The recognition went something like this: demonstrators coming up Sixth Avenue at the Tax March in New York City would be chanting about wanting to see President Donald Trump’s tax returns. But just after crossing 47th Street, someone in the long line would happen to turn left and see the skyscraper looming above, and the big sign identifying it: News Corporation, home of conservative outlet Fox. Then a different chant would begin.

“Fox News is fake news,” went one. “Shame,” a new set of marchers chanted a few minutes later. Then: “Fire Bill O’Reilly. ” And: “Fox lies.” And always, a cascading series of boos. As marchers noticed the building, many middle fingers would rise up like spring flowers. A man dressed in a Captain America costume held his shield high for the length of the block, as if protecting fellow demonstrators’ from Rupert Murdoch’s bad vibes.

It was just a small moment of the Saturday protest, which drew thousands in New York City and more in over a hundred similar marches around the country. But it was emblematic of what the protests were about in the first place: the question of who cares about a breach of precedent. Trump is the first sitting president since Richard Nixon not to release tax returns, and he and his defenders have said that regular people just don’t care if he does or doesn’t. That perspective has been echoed by conservative-leaning pundits and spokespeople, including O’Reilly who poo-poohed the “weaponizing” of Trump’s tax returns by liberals.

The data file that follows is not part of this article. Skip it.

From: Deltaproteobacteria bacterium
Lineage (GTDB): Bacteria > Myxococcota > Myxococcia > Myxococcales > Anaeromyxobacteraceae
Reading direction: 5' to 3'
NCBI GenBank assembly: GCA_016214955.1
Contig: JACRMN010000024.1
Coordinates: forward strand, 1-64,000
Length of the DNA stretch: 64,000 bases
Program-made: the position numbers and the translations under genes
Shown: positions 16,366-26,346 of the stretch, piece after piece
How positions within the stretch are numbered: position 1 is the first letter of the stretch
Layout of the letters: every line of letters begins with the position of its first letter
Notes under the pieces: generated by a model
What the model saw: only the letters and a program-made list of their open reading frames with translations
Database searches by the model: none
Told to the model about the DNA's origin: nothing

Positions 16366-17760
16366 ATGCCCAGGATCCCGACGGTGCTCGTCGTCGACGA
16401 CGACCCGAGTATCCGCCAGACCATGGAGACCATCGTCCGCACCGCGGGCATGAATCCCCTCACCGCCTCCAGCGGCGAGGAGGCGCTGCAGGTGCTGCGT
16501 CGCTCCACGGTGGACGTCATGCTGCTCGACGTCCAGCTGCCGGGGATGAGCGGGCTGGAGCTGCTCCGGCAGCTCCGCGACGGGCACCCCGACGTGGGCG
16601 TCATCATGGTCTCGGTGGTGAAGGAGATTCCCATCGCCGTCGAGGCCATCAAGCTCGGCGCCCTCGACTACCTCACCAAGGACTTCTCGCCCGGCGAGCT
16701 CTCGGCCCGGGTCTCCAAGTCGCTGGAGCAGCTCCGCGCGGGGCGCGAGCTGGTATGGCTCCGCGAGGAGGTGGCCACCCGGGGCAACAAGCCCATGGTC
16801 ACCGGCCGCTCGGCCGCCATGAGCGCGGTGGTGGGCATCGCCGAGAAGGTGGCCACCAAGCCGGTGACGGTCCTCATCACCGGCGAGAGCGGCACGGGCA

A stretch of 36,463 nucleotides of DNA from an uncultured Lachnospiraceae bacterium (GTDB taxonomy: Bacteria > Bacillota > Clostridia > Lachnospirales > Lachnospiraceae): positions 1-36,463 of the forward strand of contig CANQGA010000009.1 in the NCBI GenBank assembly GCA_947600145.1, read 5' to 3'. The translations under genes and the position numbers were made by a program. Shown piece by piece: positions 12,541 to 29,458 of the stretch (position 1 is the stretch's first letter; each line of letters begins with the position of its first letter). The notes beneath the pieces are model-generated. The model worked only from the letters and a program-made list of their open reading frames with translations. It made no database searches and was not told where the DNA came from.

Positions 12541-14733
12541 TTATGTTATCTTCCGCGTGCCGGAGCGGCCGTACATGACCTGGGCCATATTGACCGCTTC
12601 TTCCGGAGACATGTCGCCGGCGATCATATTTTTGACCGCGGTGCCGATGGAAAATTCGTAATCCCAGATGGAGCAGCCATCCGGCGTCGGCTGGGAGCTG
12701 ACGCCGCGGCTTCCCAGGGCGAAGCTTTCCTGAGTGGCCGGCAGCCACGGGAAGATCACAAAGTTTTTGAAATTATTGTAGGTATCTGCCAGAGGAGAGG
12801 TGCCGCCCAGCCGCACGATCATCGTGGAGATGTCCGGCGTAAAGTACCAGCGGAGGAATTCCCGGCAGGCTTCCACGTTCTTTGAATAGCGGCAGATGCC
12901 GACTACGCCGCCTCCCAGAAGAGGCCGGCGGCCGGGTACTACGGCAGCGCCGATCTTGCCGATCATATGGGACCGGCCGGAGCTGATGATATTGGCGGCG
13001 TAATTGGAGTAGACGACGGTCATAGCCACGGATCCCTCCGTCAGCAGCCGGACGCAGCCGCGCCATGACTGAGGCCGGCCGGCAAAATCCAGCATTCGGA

Does anyone care about Trump’s tax returns besides “journalists,” as Trump has suggested? Up until now the only way to know would be to listen to the pundits who argue for one side or the other, and opinion polls (which do, by the way, indicate that Americans care about Trump’s tax returns).

The marches around the country were an attempt to show, by the number of physical bodies in attendance, that Americans do still care and aren’t happy.

The New York march did not draw the overwhelming numbers of the Women’s March in January, but thousands came out for a very specifically-focused protest months into Trump’s presidency.

Tax returns may not tell America everything about Trump dealings with foreign leaders and businesses that, judging from the number of Vladimir Putin signs on Saturday, were a high priority. But it’s one more precedent shattered, and a dangerous one given the potential for self-enrichment and entanglements for America’s first real estate developer commander in chief. That seemed to matter to marchers all along Sixth Avenue, not just in front of NewsCorp. And it wasn’t fake news.